You might say that they were on fire, on fire with the Holy Spirit.
But not everyone was impressed. Some thought they were drunk. So they just laughed and made a joke of it. “Aw, they're just filled with new wine!”
Peter stood up to explain, and to set things straight. No, he said, they're not drunk. No, they're not filled with new wine. Instead, they're filled with the Holy Spirit. This is the movement of God, the fulfillment of God's promise to pour out the Spirit of God on all people: young and old, slave and free.
Now, I think there's an interesting turn that happens here. The pictures, the images, used to talk about the Holy Spirit and the work of the Holy Spirit, they change in this passage. At first it's about fire: the Holy Spirit came upon them and rested on them like tongues of fire. And then things change, with God pouring the Spirit upon all flesh. And in between, the believers were accused of being filled with new wine (a liquid), but Peter's answer to them basically says, Sure, they're filled, but not with wine, instead filled with the Holy Spirit.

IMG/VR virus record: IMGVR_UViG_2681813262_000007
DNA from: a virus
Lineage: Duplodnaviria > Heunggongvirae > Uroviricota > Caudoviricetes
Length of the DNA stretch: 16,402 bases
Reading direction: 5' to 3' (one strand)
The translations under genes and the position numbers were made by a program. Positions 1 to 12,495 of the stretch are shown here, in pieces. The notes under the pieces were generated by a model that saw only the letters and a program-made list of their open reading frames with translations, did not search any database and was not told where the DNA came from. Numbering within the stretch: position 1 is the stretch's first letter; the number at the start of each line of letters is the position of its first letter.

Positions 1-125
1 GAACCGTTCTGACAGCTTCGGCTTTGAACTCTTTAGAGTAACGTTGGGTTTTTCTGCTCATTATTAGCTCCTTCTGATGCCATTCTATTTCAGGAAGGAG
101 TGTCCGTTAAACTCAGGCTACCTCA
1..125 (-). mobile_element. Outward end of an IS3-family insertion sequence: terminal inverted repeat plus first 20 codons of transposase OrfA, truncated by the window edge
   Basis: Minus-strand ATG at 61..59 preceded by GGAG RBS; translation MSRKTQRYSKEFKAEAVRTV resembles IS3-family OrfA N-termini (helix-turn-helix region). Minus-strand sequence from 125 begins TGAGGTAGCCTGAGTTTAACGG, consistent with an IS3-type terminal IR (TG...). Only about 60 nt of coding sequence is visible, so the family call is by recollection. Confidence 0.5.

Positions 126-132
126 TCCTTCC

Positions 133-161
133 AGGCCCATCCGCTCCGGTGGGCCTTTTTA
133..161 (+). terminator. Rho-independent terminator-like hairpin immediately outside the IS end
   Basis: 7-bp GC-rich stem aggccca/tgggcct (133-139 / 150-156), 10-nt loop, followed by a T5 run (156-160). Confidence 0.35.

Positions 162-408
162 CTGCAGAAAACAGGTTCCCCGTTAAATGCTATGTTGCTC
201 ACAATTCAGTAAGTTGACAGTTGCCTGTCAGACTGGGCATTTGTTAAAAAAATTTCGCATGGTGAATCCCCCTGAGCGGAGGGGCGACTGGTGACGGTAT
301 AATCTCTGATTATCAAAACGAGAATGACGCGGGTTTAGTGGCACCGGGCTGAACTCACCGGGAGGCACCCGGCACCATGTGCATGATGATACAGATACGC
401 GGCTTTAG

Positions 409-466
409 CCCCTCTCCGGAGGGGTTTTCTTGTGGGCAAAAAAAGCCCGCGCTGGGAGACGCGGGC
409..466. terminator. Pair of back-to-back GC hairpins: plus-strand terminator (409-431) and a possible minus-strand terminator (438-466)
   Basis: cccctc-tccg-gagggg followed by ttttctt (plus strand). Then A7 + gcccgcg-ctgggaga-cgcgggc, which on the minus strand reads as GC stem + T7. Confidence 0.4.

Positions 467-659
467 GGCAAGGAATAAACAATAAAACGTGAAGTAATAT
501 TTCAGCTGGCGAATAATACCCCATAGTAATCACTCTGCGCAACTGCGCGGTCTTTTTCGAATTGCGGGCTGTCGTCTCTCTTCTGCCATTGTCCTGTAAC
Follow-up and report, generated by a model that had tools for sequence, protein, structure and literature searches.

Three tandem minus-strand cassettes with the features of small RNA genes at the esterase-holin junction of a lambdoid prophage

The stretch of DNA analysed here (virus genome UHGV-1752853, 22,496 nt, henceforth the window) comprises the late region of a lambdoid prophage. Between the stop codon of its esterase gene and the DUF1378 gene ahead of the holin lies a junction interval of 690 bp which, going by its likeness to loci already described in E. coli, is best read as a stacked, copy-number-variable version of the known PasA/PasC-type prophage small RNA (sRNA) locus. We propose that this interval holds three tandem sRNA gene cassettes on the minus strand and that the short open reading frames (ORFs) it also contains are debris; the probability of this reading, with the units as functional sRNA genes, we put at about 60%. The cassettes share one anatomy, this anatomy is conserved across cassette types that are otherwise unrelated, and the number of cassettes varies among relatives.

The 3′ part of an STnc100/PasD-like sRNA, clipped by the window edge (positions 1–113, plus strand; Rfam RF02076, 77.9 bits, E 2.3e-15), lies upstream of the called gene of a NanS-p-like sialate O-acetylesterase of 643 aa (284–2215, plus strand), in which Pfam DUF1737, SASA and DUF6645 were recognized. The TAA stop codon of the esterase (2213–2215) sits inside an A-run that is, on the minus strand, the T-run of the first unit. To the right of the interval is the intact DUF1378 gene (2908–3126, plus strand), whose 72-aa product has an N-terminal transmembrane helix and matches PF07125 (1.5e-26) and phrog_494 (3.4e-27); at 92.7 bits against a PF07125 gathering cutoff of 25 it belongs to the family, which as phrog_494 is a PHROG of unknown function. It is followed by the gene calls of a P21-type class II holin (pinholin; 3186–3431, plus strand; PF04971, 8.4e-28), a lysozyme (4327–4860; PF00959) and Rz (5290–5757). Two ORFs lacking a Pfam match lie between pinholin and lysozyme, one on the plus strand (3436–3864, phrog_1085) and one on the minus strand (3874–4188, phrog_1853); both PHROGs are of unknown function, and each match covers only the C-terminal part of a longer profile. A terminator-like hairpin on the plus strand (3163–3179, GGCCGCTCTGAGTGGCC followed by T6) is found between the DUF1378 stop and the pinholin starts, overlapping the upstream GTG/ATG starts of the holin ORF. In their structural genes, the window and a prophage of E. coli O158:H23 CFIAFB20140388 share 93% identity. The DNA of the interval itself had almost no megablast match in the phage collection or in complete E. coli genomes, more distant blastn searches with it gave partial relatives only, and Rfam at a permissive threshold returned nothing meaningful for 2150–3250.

Have you ever found it hard to describe an experience you've had? Or a feeling? It can be really hard to put some things into words. So you might use words that normally wouldn't go together. But, somehow, as a way of describing what happened or how you felt, they do go together. They work. They help you explain what happened.
There's this scene in the Disney movie Pinocchio when Jiminy Cricket gets so fed up with Pinocchio, and in absolute frustration shouts at him, “You buttered your bread; now sleep in it!”
Poor Jiminy was just upset, so much so that he got confused mid-rant. But maybe his confusion said what he meant better than would any more carefully chosen words.
What we find here in the Bible is not confusion. Instead, it's as if the reality of what had happened to the followers of Jesus couldn't be described in only one way, with one kind of word, but instead had to be described in several ways, with different, perhaps even somewhat contrasting images.
The gift of the Spirit is like fire, a holiness or a divine purity burning in the soul. And it's like a flowing, rushing torrent of blessing and goodness and conviction and truth and love.
The gift of the Spirit sets a believer on fire with devotion and courage. And it also fills a believer with the soothing and bracing waves of compassion and repentance and love.
In all this, God makes the Jesus people, God makes us, wet with Holy Spirit fire.
There's an important lesson in all this. For you, Josiah, Jauntah, and Rose. For all of us.